Dodd, Susanna R and Lancaster, Gillian A and Craig, Jean V and Smyth, Rosalind L and Williamson, Paula R (2006) In a systematic review, infrared ear thermometry for fever diagnosis in children finds poor sensitivity. Journal of Clinical Epidemiology, 59 (4). pp. 354-357. ISSN 0895-4356Full text not available from this repository.
Background and Objectives To investigate sensitivity and specificity of infrared ear thermometry compared to rectal thermometry to detect fever in children. Methods Systematic review of studies comparing rectal and infrared ear temperatures in children. Results Sensitivity and specificity estimates were highly heterogeneous, and displayed an inverse relationship suggestive of a threshold effect, due in part to the different offsets used to obtain adjusted tympanic temperatures depending on the ear thermometer mode. To account for this threshold effect, results from each study were summarized as a diagnostic odds ratio (DOR). These varied extensively across studies, suggesting that heterogeneity between study estimates is not fully explained by the threshold effect. Pooled estimates of sensitivity and specificity from random effects models were 63.7% (95% CI 55.6%, 71.8%) and 95.2% (95% CI 93.5%, 96.9%), respectively. Conclusion Pooled estimates of measures of diagnostic accuracy from these studies suggest that infrared ear thermometry would fail to diagnose fever in three or four out of every 10 febrile children (with fever defined by a rectal temperature of 38°C or above). These findings support our previous concerns about the use of infrared ear thermometers in situations where a failure to detect fever has serious implications.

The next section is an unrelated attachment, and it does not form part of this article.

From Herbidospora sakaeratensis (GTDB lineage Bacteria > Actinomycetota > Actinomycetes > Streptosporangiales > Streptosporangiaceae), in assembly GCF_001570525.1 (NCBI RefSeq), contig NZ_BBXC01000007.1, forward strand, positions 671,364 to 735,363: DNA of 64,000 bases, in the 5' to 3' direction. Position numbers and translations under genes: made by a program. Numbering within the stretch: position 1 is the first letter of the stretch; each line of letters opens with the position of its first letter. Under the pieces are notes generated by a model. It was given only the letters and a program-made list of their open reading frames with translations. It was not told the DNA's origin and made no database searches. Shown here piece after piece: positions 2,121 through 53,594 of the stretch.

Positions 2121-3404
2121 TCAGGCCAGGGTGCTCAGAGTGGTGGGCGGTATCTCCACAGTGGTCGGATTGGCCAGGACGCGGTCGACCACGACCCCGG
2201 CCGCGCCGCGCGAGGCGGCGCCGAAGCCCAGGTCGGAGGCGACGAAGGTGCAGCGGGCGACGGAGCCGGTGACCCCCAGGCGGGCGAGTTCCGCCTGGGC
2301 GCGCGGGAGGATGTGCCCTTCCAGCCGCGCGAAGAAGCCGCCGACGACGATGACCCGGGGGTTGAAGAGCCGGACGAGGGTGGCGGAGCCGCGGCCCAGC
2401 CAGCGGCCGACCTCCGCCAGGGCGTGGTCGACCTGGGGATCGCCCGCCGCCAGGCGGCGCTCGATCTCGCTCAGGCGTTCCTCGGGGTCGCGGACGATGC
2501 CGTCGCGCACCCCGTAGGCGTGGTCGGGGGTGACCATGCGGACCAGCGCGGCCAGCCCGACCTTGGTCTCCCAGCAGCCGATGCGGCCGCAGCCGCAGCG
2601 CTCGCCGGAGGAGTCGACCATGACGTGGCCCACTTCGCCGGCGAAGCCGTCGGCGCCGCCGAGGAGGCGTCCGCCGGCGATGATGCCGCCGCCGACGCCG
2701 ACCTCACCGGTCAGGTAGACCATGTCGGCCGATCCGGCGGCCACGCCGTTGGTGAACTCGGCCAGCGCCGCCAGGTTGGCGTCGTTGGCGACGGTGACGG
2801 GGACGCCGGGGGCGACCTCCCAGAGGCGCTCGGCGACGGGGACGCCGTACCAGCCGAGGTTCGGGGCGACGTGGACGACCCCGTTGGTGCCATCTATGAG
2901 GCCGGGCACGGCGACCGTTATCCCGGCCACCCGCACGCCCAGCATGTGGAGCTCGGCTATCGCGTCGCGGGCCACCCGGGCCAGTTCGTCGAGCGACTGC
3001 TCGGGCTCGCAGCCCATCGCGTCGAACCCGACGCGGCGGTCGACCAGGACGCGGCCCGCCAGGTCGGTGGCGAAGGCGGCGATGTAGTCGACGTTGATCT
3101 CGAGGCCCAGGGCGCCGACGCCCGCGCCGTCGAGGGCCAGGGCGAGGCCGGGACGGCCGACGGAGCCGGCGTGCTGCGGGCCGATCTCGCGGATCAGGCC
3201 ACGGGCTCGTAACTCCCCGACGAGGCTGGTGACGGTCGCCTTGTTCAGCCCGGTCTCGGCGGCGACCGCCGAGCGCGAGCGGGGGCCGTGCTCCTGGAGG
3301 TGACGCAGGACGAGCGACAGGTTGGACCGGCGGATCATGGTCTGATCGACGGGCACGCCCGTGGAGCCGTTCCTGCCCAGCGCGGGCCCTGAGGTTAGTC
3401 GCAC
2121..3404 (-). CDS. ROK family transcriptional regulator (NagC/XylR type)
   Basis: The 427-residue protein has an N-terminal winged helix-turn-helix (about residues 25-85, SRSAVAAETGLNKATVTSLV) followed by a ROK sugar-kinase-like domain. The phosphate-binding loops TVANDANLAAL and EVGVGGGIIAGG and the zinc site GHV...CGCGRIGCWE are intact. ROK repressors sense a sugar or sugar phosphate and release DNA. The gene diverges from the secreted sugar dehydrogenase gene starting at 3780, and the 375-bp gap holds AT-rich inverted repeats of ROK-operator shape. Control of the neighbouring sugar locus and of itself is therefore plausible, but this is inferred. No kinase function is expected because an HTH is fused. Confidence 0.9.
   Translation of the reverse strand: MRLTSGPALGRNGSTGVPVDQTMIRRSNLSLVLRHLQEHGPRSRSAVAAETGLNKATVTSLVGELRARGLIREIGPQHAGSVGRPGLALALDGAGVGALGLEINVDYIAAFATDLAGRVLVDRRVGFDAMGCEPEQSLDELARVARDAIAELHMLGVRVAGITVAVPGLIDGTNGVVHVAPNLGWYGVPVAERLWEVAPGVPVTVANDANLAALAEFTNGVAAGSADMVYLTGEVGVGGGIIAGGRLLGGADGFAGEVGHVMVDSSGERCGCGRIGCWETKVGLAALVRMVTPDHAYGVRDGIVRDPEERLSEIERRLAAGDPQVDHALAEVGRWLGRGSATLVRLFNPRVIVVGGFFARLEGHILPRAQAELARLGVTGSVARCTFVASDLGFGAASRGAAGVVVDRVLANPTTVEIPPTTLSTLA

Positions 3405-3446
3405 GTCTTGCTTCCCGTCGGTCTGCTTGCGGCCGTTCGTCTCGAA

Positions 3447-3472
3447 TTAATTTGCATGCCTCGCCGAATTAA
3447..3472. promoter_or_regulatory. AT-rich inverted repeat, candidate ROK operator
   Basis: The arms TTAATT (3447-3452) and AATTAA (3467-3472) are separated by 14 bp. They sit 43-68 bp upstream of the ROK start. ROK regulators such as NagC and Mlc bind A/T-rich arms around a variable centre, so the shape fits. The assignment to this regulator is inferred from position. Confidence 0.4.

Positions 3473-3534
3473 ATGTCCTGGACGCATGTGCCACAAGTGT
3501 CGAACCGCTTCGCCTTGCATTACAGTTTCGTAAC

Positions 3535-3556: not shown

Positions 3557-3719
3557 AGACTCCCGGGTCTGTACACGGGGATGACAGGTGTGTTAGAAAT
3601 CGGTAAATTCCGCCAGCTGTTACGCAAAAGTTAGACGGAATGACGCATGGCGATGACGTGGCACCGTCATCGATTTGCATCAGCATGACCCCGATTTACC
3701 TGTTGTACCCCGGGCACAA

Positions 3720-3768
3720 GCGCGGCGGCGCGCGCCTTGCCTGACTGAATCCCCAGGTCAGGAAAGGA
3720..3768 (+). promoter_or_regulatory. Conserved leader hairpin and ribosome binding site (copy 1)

|Journal or Publication Title:||Journal of Clinical Epidemiology|
|Uncontrolled Keywords:||Thermometer ; Tympanic ; Rectum ; Sensitivity ; Specificity ; Diagnostic odds ratio|
|Subjects:||Q Science > QA Mathematics|
|Departments:||Faculty of Science and Technology > Mathematics and Statistics|
|Deposited On:||19 Nov 2012 09:59|
|Last Modified:||25 Oct 2016 03:31|
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